majesty. Adoration consists in bowing to him, or worshipping him.
'Worship the Lord in the beauty of holiness.' Psa xxix 2. 'They bowed
their heads, and worshipped the Lord with their faces to the
ground.' Neh viii 6. Divine worship is the peculiar honour belonging
to the Godhead; which God is jealous of, and will have no creature
share in. 'My glory will I not give to another.' Isa xlii 8.
Magistrates may have a civil respect or veneration, but God only
should have a religious adoration.
 To have God to be a God to us, is to fear him. 'That thou
mayest fear this glorious and fearful name, The Lord thy God.' Deut
xxviii 58. This fearing God is (1) To have him always in our eye, 'I
have set the Lord always before me.' Psa xvii 8. 'Mine eyes are ever
towards the Lord.' Psa 25 15. He who fears God imagines that
whatever he is doing, God looks on, and as a judge, weighs all his
actions. (2) To fear God is to have such a holy awe of God upon our
hearts, that we dare not sin. 'Stand in awe and sin not.' Psa iv 4.
The wicked sin and fear not; the godly fear and sin not. 'How then
can I do this great wickedness and sin against God?' Gen xxxix 9. Bid
me sin, and you bid me drink poison. It is a saying of Anselm, 'If
hell were on one side, and sin on the other, I would rather leap
into hell, than willingly sin against my God.' He who fears God will
not sin, though it be ever so secret. 'Thou shalt not curse the
deaf, nor put a stumbling-block before the blind, but shalt fear thy
God.' Lev xix 14. Suppose you should curse a deaf man, he could not
hear you; or you were to lay a block in a blind man's way, and cause
him to fall, he could not see you do it; but the fear of God will
make you forsake sins which can neither be heard nor seen by men.
The fear of God destroys the fear of man. The three children feared
God, therefore they feared not the king's wrath. Dan 3 16. The
greater noise drowns the less; the noise of thunder drowns the noise
of a river; so, when the fear of God is supreme in the soul, it
drowns all other carnal fear. It makes God to be God to us when we
have a holy filial fear of him.
 To have God to be a God to us, is to trust in him. 'Mine
eyes are unto thee, O God the Lord in thee is my trust.' Psa cxli
8. 'The God of my rock, in him will I trust.' 2 Sam xxii 3. There is
none in whom we can trust but God. All creatures are a refuge of
lies; they are like the Egyptian reed, too weak to support us, but
strong enough to wound us. 2 Kings xviii 21. Omnis motus fit super
immobili [The immovable is undisturbed by any commotion]. God only
is a sufficient foundation to build our trust upon. When we trust
him, we make him a God to us; when we do not trust him, we make him
an idol. Trusting in God is to rely on his power as a Creator, and
on his love as a Father. Trusting in God is to commit our chief
treasure, our soul, to him. 'Into thy hands I commit my spirit.' Psa
xxxi 5. As the orphan trusts his estate with his guardian, so we
trust our souls with God. Then he becomes a God to us.
But how shall we know that we trust in God aright? If we trust
in God aright, we shall trust him at one time as well as another.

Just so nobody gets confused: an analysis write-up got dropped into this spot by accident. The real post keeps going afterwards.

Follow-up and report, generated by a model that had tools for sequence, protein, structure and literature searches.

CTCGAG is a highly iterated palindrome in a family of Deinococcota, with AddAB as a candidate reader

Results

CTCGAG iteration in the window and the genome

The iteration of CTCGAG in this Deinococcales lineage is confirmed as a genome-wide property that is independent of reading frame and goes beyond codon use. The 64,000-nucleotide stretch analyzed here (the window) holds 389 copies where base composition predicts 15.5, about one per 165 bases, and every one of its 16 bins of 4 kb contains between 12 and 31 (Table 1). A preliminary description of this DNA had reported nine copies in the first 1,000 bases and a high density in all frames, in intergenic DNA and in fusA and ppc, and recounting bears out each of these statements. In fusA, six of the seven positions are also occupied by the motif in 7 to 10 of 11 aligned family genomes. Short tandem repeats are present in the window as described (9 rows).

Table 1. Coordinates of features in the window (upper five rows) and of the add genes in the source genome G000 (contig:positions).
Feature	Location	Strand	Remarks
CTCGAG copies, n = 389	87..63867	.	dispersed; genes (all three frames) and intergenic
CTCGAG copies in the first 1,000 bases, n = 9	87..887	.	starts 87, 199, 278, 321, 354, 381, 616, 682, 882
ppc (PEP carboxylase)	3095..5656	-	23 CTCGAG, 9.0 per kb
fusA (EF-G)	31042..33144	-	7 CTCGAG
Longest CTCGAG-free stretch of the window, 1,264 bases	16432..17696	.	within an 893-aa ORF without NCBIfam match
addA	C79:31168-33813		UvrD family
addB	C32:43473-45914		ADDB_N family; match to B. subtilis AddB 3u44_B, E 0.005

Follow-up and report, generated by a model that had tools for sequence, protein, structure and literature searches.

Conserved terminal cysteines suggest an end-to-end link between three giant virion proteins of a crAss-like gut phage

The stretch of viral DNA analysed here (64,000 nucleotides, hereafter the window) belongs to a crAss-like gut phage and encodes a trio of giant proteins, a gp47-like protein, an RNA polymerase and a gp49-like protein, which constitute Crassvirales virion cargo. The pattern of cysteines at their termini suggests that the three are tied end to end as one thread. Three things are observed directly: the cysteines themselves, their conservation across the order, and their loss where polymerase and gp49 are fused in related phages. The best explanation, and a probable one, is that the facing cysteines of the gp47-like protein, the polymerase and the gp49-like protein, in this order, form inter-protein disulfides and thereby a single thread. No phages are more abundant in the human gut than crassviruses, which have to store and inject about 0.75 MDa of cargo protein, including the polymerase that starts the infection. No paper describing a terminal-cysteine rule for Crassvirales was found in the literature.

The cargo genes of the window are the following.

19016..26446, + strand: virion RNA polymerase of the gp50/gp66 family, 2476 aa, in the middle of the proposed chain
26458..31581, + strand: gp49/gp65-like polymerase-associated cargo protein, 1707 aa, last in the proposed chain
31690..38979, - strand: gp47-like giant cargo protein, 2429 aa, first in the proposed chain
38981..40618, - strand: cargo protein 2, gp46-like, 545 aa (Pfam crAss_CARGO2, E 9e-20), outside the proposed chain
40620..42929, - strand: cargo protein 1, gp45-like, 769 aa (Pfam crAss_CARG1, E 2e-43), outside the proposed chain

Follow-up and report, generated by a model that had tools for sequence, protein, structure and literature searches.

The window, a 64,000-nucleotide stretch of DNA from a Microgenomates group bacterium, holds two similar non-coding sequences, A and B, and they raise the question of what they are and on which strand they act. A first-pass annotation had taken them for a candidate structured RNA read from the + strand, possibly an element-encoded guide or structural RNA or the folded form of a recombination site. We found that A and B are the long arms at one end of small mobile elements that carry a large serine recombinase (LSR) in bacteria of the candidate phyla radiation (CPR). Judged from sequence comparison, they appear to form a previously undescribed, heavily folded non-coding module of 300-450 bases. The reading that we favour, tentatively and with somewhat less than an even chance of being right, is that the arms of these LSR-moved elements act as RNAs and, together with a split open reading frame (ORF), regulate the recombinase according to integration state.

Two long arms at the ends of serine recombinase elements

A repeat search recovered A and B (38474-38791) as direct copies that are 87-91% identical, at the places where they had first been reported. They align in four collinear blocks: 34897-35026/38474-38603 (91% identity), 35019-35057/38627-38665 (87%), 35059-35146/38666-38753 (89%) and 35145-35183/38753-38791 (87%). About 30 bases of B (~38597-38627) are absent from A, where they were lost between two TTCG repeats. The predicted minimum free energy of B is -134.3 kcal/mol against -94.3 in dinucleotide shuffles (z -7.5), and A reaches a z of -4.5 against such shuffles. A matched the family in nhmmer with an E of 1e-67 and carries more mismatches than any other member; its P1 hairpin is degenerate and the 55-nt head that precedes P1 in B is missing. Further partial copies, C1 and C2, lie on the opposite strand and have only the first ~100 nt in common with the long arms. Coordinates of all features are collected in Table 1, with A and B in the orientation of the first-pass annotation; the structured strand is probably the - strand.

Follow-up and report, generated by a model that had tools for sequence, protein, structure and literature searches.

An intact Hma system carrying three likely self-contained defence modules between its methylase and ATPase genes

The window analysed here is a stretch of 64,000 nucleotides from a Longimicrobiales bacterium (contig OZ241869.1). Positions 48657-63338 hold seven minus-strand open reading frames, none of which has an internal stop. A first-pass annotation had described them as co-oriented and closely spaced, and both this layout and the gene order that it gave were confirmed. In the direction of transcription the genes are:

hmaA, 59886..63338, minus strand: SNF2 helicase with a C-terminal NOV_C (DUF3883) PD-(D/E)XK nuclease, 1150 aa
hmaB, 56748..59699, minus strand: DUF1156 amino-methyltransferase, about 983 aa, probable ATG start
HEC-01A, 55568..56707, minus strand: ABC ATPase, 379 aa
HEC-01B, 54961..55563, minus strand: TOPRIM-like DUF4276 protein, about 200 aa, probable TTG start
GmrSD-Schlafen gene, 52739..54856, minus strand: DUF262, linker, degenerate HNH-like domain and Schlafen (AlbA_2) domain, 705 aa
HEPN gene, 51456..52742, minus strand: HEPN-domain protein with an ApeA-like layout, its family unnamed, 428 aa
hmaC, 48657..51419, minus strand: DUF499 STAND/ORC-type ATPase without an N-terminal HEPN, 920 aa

'Trust in him at all times.' Psa lxii 8. Can we trust him in our
straits? When the fig-tree does not flourish, when our earthly
crutches are broken, can we lean upon God's promise? When the pipes
are cut off that used to bring us comfort, can we live upon God, in
whom are all our fresh springs? When we have no bread to eat but the
bread of carefulness (Ezek xii 19), when we have no water to drink
but tears, as in Psa lxxx 5 'Thou givest them tears to drink in
great measure;' can we then trust in God's providence to supply us?
A good Christian believes, that if God feeds the ravens, he will
feed his children, he lives upon God's all-sufficiency, not only for
grace, but for food. He believes if God gives him heaven, he will
give daily bread; he trusts his bond 'Verily thou shalt be fed.'
Psa xxxvii 3. Can we trust God in our fears? When adversaries grow high
can we display the banner of faith? 'What time I am afraid, I will
trust in thee.' Psa lvii 3. Faith cures the trembling in heart; it
gets above fear, as oil swims above the water. To trust in God,
makes him to be a God to us.
 To have God to be a God to us, is to love him. In the godly
fear and love kiss each other.
 To have him to be a God to us, is to obey him. Upon this I
shall speak more at large in the second commandment.
Why must use cleave to the Lord as our God?
(1) Because of its equity. It is but just that we should cleave
to him from whom we receive our being. Who can have a better right
to us than he that gives us our breath? For 'it is he that made us,
and not we ourselves.' Psa c 3. It is unjust, yea, ungrateful, to
give away our love or worship to any but God.
(2) Because of its utility. If we cleave to the Lord as our
God, then he will bless us 'God, even our own God, shall bless us.'
Psa lxvii 6. He will bless us in our estate. 'Blessed shall be the
fruit of thy ground blessed shall be thy basket and thy store.'
Deut xxviii 4, 5. We shall not only have our sacks full of corn, but
money in the mouth of the sack. He will bless us with peace. 'The
Lord will bless his people with peace.' Psa xxix 11. With outward
peace, which is the nurse of plenty. 'He maketh peace in thy
borders.' Psa cxlvii 14. With inward peace, a smiling conscience,
which is sweeter than the dropping of honey. God will turn all evils
to our good. Rom viii 28. He will make a treacle of poison. Joseph's
imprisonment was a means for his advancement. Gen l 20. Out of the
bitterest drug he will distil his glory and our salvation. In short,